#10 Randal Milholland
January/20/2009
@ 12:18 pm

Wiley: I doubt anyone would be confused on your intent unless they were just trolling to fight.

As for Mr. McGruder – so that’s all it takes? An ancestor who was a slave? Then there are a lot more of us who are black than we realized.

Beyond that, seems tacky to attack someone for their art style – every cartoonist has a different take and just because you don’t like it doesn’t mean it isn’t good. But, then again, you could take potshots at him for the fact he didn’t even draw his comic for a good chunk of its life.

#11 David Reddick
January/20/2009
@ 12:41 pm

Randy, (love your Something Positive strip, btw) –
I certainly wasn’t attempting to be tacky in any way in my comment, and not “attacking” Aaron’s style. What I was making a point at was pointing out Aaron’s writing and drawing ability in no way equates with genius level. Neither does mine. That was all.

#12 Clayton Bigsby
January/20/2009
@ 12:49 pm

Er, Reddick, you must really love the guy ;). Genius according to Webster dictionary, can also refer to ” a person who influences another for good or bad”. I think it is safe to say, McGruder has at least met that bar!

#13 David Reddick
January/20/2009
@ 12:52 pm

heh heh – touche, Clayton. Indeed he has at least met that! ;-)

#14 Mark Tatulli
January/20/2009
@ 12:58 pm

I am a slave to my art. And while I am tan, I don’t think I’m black.

#15 Charles Brubaker
January/20/2009
@ 12:58 pm

I’ll admit it, I tried to read Boondocks. I tried to like it, honest. I even watched a few episodes of the animated series on Cartoon Network.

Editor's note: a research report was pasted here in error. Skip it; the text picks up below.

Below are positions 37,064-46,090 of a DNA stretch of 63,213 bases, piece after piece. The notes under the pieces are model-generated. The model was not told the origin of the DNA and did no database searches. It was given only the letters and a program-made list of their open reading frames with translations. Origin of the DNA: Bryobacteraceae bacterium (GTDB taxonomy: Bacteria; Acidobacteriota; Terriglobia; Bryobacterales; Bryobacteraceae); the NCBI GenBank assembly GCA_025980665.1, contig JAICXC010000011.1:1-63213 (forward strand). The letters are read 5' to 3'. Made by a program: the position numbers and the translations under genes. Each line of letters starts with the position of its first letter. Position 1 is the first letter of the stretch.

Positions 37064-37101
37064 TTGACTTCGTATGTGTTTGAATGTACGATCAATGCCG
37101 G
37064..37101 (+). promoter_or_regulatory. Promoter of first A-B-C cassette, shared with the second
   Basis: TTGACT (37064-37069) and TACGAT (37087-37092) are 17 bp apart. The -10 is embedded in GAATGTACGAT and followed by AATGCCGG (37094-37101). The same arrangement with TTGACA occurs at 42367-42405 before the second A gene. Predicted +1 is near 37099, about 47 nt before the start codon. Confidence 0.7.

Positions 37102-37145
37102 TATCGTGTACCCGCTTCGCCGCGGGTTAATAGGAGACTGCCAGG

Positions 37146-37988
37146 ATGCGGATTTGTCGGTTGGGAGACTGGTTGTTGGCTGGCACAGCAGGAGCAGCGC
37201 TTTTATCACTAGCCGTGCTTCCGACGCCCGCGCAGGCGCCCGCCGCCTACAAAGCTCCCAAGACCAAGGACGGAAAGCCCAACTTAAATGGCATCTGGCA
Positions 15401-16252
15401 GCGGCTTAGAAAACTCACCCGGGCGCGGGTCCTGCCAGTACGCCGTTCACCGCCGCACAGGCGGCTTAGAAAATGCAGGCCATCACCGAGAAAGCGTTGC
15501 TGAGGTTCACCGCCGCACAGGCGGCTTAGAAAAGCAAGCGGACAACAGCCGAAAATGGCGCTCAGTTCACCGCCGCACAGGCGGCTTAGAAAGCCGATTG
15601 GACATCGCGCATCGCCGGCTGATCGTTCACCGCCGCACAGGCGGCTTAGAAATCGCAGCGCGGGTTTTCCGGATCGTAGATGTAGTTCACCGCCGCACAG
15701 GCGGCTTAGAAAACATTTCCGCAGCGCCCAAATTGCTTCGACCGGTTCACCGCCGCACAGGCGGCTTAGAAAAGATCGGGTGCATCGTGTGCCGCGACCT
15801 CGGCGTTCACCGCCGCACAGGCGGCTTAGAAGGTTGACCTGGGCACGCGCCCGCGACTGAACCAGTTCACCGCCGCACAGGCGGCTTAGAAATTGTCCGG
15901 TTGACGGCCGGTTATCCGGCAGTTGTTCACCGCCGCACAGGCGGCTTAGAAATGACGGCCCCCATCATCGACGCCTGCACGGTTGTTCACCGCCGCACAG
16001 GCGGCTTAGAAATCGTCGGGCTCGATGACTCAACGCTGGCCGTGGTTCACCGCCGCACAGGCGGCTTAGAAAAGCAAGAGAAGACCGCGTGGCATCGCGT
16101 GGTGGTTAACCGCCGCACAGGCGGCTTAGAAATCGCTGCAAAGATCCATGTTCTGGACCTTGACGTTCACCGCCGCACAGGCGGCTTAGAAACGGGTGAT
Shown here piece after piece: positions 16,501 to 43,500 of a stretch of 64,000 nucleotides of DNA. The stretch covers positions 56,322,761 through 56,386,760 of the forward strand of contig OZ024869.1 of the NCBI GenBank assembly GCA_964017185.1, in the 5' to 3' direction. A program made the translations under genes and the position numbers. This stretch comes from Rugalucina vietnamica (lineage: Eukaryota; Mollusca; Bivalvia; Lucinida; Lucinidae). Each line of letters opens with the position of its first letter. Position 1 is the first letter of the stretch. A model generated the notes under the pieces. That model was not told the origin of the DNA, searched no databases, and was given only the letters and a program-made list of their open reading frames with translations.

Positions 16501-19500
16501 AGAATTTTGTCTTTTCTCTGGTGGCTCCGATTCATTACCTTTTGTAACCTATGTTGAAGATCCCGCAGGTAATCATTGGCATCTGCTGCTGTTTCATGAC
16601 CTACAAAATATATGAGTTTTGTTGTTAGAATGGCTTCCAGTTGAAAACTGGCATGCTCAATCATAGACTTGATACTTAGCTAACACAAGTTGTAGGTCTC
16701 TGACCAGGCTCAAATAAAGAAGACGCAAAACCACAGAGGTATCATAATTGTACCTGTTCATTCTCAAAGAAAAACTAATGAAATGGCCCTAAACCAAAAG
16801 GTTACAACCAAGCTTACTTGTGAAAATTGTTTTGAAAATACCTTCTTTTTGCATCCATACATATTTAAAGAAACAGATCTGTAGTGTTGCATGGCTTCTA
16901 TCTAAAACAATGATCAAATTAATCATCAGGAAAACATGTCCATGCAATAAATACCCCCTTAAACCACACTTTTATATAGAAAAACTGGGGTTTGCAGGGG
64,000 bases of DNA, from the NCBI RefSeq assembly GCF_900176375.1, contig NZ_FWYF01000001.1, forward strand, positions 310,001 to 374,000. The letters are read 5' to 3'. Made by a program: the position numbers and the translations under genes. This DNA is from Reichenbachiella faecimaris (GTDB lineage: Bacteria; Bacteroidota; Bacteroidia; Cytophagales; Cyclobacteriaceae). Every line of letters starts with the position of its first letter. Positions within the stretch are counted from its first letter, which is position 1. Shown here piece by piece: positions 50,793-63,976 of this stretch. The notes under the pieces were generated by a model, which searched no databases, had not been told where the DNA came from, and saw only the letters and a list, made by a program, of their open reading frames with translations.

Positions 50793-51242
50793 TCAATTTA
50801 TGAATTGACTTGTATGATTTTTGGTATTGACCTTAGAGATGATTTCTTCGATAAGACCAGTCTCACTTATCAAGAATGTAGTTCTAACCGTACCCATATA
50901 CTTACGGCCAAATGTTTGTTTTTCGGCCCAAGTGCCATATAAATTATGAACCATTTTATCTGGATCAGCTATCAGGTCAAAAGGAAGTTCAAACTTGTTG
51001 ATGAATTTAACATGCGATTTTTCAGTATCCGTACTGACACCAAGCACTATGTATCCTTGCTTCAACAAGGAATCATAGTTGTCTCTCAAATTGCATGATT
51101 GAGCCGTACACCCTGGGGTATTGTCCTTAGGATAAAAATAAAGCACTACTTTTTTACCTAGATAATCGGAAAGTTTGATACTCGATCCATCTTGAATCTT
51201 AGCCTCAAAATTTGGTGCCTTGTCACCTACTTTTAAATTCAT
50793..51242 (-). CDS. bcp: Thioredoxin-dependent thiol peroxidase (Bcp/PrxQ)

But…I just can’t get into the hype. It’s not my kind of cartoon, I guess.

And of course he just had to make that ignorant comment. Another reason for me to avoid the Boondocks.

#16 John Cole
January/20/2009
@ 2:32 pm

Why is anyone surprised that McGruder would peddle this sort of racial drivel?

#17 Darrin Bell
January/20/2009
@ 4:03 pm

A couple years ago, my grandpa’s neighbor told me Aaron McGruder isn’t black because he’s rich. True story.

#18 Alex Schumacher
January/20/2009
@ 5:51 pm

Wait, I’m of Jewish descent…and Jews were slaves in Egypt…so does that mean I’m black?

Honestly, it shouldn’t surprise anyone McGruder made this kind of comment. He’s basically built his career out of it.

#19 Carl Moore
January/20/2009
@ 6:27 pm

Aaron McGruder is a race hustler. His modus operandi is being the “victim.” Barack Obama is a living refutation of black victimhood and because he gives the lie to the black man as victim, McGruder has to tear him down. To McGruder and all race hustlers, only the descendent of an actual slave can be authentically black and a true victim. Alex Schumacher is right – McGruder’s built his career on this crud. It’s a pathetic attitude and a fast dying one.

#20 Mike Peterson
January/20/2009
@ 7:12 pm

“By the way, if he was a ?genius when it comes to cartooning?, why was he only able to last a couple of years doing it?”